How Congressional Pressure Shaped the 'Baltimore Case'

Science  16 Aug 1996:
Vol. 273, Issue 5277, pp. 873-875
DOI: 10.1126/science.273.5277.873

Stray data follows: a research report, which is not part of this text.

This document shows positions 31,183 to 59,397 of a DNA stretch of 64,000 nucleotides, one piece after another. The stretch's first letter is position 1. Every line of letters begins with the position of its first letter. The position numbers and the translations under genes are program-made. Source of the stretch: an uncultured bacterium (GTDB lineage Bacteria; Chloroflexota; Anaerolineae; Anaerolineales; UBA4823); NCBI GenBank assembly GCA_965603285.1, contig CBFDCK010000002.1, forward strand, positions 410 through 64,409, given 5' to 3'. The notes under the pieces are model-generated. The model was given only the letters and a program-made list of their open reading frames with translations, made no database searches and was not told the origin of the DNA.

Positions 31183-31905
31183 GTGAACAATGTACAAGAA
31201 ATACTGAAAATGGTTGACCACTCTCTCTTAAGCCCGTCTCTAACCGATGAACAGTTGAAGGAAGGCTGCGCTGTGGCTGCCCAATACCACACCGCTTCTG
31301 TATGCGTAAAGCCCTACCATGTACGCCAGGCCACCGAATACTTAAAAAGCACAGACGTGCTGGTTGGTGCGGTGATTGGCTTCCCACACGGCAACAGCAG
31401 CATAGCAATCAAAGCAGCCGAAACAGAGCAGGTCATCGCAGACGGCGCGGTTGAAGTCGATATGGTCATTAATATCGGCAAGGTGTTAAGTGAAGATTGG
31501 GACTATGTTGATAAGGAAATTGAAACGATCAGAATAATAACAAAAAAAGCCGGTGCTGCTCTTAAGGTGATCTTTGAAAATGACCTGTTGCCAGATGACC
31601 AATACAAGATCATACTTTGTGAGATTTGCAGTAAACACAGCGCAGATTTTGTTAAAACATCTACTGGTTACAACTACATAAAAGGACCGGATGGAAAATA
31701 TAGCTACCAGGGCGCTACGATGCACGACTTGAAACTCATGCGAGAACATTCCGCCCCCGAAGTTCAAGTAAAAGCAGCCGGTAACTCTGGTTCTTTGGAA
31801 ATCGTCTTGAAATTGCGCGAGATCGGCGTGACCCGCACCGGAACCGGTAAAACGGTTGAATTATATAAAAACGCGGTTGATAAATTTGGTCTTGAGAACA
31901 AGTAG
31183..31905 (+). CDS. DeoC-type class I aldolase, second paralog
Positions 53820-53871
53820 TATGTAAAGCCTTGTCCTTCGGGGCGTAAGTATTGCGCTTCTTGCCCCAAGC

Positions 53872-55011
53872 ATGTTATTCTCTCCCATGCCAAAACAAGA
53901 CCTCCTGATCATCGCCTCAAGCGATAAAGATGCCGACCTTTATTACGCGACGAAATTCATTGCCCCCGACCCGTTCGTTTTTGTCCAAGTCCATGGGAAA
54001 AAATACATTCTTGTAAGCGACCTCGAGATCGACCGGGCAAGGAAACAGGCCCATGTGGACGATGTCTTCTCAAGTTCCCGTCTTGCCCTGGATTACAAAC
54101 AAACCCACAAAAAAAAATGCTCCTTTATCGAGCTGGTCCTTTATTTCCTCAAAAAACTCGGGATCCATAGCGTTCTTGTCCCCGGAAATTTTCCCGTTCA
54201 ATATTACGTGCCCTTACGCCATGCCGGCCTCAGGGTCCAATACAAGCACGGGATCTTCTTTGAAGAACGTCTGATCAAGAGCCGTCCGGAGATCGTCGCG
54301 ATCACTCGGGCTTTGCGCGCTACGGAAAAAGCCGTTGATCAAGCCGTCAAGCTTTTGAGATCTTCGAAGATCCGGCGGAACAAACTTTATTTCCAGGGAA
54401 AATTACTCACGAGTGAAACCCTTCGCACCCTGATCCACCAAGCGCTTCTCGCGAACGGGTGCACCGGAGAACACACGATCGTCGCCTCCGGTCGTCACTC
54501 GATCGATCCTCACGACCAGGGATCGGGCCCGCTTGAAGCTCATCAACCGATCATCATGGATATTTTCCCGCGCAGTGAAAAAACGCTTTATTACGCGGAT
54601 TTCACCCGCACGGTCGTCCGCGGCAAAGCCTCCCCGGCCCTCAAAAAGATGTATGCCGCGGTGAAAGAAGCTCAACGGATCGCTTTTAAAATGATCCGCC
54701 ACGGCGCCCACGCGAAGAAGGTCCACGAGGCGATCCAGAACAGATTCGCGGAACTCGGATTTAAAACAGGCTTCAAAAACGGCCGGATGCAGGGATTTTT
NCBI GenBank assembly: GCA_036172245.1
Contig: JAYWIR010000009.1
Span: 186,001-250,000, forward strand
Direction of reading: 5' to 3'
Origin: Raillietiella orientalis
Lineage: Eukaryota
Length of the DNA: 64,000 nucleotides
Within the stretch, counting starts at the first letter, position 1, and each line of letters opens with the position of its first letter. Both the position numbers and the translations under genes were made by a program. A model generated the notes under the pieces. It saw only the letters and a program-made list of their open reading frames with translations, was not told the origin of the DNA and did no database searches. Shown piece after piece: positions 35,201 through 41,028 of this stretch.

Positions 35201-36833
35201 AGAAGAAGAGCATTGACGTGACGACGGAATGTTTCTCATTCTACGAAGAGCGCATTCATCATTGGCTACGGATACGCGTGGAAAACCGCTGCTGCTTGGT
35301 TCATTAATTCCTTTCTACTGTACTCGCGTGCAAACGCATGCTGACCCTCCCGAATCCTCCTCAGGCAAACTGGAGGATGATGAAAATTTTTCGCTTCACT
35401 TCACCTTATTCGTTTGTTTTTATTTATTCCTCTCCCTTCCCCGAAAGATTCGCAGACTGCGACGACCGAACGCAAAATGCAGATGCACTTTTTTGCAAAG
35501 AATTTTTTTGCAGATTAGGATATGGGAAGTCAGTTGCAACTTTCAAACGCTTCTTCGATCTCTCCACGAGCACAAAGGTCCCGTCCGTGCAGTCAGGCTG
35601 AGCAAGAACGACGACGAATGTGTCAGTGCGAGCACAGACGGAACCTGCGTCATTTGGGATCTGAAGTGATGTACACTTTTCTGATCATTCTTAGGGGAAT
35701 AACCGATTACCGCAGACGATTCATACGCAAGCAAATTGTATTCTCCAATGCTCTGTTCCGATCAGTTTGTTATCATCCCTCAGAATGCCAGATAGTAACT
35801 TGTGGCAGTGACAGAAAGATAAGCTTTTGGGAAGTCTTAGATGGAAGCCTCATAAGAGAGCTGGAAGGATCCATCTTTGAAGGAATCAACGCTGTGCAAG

One of the most high-profile scientific misconduct cases collapsed recently when all charges against immunologist Thereza Imanishi-Kari were dismissed. The crucial ingredient in keeping the case grinding along was the active interest of Representative John Dingell (D-MI), chairman of a key congressional subcommittee. Subcommittee investigators, some of whom were being paid by the National Institutes of Health (NIH), were involved in virtually every aspect of the case, from the selection of evidence to its public dissemination.